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One Of The Biggest Retiree Investing Mistakes: Focusing On Yield Rather Than Total Return

June 19, 2015
 
(Reprinted from the July 2015 edition of the Bath Country Journal and Richfield Times.)
 
It is common that someone approaching retirement starts focusing on principal preservation. In fact, it often seems that retirees swear allegiance to a commandment: “Thou shall not invade thy principal.” This mindset causes a focus on income-oriented investments rather than focusing on the total return – income plus growth – that can be expected from a portfolio. For a multitude of reasons, this income focus is shortsighted and inefficient.
 
The traditional appeal of yield stems from often unconscious behavioral and economic biases. Investors prefer yield because it is easily noticeable and believed to be more reliable whereas growth is more ambiguous and uncertain. For stocks, there is the economic belief that stocks paying high dividends are less risky because they offer a regular stream of payments to investors. However, dividend payments are not created out of thin air nor guaranteed. They flow from a company’s earnings, which are impacted by economic forces and are reflected in the current stock price. Many companies, for instance, had to reduce or eliminate dividend payments through the economic shocks of 2008.
 
If a company has accumulated excess cash after reinvesting for its operations and setting aside for reserves, it essentially has two options. One, pay the cash to its shareholders as a dividend, or two repurchase its shares. No matter which option the company chooses, its investors fare the same, ignoring taxes.                                                                                                                                                        
For example, suppose that a company paid out 5% of its share price as a dividend. A shareholder who has $100 worth of stock would now have $95 of stock and $5 of cash. Now suppose that the company instead decided to repurchase 5% of its outstanding shares. If our $100 shareholder were to sell 5% of his shares, he would again be left with $95 of stock and $5 of cash.
 
Holding a portfolio that emphasizes dividend-paying stocks may force significant tradeoffs related to diversification and expected returns. For example, a global dividend-focused portfolio would exclude 35%–40% of stocks that pay no dividends, resulting in lower diversification. In addition, the number of U.S. and international firms that pay dividends is shrinking—from 71% of the market in 1991 to 61% in 2012.
 
Holding only dividend-paying stocks may also affect investors’ ability to pursue higher expected returns. Global portfolios holding only dividend-paying stocks exclude about 47% of the available small cap stock universe, which historically has offered higher expected returns than large cap stocks.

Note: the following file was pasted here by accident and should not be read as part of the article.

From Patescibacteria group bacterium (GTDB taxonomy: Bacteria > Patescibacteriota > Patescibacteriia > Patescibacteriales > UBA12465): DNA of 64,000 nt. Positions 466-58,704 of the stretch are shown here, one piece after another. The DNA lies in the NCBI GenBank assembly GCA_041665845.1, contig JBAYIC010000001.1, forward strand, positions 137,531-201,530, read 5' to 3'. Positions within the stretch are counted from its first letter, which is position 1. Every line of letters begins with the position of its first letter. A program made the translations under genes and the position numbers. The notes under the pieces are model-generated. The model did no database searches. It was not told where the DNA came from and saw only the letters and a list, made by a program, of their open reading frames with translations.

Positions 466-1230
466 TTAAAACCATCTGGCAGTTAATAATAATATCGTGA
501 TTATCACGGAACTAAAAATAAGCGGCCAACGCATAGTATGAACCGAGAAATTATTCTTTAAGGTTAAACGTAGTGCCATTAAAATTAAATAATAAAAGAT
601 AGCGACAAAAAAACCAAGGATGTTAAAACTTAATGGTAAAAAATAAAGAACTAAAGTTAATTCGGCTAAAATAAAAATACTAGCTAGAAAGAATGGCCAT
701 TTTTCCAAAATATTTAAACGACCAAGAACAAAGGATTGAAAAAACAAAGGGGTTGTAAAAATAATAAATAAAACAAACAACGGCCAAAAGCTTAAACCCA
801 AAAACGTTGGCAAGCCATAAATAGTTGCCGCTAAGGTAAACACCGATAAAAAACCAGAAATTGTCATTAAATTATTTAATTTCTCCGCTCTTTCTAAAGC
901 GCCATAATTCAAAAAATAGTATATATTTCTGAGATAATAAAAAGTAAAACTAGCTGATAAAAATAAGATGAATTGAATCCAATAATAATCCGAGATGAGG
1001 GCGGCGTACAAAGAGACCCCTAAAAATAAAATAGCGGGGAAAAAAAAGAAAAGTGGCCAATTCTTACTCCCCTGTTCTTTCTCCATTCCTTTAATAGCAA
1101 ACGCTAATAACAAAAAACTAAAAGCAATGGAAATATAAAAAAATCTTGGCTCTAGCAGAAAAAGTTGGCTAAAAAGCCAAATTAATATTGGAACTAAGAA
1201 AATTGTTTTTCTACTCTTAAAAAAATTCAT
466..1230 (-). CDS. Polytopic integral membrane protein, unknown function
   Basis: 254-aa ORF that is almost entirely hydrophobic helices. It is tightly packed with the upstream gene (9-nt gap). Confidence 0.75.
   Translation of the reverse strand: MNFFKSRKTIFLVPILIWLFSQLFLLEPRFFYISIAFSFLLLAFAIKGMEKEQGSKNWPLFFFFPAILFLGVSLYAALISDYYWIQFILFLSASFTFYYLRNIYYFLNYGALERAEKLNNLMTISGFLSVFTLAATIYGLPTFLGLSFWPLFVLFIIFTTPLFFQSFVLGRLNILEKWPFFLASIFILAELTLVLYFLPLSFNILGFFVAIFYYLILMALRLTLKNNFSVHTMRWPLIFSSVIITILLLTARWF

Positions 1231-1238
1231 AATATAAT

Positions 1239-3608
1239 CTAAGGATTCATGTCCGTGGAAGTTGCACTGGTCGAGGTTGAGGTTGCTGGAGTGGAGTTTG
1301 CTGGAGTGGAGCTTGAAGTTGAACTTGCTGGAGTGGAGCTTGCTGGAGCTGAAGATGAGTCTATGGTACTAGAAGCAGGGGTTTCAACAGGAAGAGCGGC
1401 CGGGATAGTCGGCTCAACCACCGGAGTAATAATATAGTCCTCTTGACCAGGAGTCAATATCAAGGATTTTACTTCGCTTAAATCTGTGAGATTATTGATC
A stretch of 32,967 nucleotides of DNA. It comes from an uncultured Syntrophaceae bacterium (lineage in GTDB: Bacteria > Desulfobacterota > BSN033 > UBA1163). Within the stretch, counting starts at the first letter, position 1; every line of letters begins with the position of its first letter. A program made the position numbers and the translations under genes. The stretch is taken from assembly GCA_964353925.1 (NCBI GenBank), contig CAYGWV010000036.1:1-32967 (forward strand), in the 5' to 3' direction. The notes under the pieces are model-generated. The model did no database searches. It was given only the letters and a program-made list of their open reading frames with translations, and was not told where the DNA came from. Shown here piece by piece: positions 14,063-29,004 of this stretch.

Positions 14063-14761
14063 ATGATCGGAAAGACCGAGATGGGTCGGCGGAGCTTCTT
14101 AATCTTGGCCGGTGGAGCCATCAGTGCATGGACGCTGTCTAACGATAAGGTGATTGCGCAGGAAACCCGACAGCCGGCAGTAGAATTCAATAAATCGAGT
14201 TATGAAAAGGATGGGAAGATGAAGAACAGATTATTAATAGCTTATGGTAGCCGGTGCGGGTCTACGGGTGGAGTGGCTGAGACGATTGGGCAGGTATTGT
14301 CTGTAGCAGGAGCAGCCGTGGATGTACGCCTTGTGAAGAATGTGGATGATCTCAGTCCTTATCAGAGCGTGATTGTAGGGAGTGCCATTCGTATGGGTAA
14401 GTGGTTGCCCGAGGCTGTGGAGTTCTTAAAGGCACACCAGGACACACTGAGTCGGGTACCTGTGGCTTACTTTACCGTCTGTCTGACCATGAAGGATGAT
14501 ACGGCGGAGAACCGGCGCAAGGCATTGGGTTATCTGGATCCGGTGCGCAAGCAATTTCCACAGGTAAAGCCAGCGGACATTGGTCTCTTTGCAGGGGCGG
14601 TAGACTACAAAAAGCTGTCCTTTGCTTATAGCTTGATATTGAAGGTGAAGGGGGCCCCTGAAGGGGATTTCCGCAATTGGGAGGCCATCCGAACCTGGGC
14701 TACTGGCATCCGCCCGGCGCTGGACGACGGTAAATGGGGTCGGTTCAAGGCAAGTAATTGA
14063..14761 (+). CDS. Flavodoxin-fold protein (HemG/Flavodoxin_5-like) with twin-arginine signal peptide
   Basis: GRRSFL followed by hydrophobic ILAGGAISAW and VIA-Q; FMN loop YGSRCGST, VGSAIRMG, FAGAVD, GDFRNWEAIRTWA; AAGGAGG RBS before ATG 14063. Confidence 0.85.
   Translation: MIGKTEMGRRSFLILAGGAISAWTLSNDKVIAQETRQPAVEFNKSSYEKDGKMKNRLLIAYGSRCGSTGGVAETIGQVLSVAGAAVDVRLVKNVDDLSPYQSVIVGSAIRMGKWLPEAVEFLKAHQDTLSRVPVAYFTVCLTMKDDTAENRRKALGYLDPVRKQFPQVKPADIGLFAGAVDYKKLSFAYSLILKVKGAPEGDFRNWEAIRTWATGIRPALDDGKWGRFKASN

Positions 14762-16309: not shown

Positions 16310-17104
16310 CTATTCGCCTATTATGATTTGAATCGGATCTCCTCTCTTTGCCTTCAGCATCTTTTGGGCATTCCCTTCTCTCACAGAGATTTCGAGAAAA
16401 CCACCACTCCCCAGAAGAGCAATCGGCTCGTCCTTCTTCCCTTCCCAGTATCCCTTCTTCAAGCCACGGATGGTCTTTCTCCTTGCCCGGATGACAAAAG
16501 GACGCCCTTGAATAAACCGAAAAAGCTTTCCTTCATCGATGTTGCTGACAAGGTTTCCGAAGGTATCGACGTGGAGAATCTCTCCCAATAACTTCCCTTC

As for fixed income, reaching for yield involves either going into longer maturities or into lower credit quality instruments. Longer maturities will suffer the most in a rising interest rate environment and lower credit quality investments become more equity like than bond like especially in times of market stress.
 
Finally, as it relates to meeting retirement cash flows, living solely off yield is restrictive and nearly impossible today without markedly increasing the risk on your portfolio. Yields on higher-quality bonds are in the 1-3% range and the yield on the S&P 500 is less than 2%. Assuming a $1M portfolio, you can produce roughly $20K in income from these, and this income level fluctuates over time. Do you want to reduce your lifestyle because the yield on your investments has gone down? Alternatively, would you rather have a total return approach, a more optimal portfolio, and more consistent spending throughout retirement?
 
Focusing on income-oriented investments can result in these and other unintended consequences in a portfolio. For a retiree using a total return approach, once the retirement plan cash flows have been clearly identified and the overall allocation decision has been made to match these cash flows while considering total portfolio risk and expected return, the income produced becomes a byproduct. Normal pruning to the portfolio can then raise cash flows to meet retirement needs with great flexibility and simultaneous rebalance the portfolio to the desired allocation.
 
 
Kevin Kroskey, CFP®, MBA is President of True Wealth Design, an independent investment advisory and financial planning firm that assists individuals and families with their overall wealth management, including retirement planning, tax planning and investment management needs.
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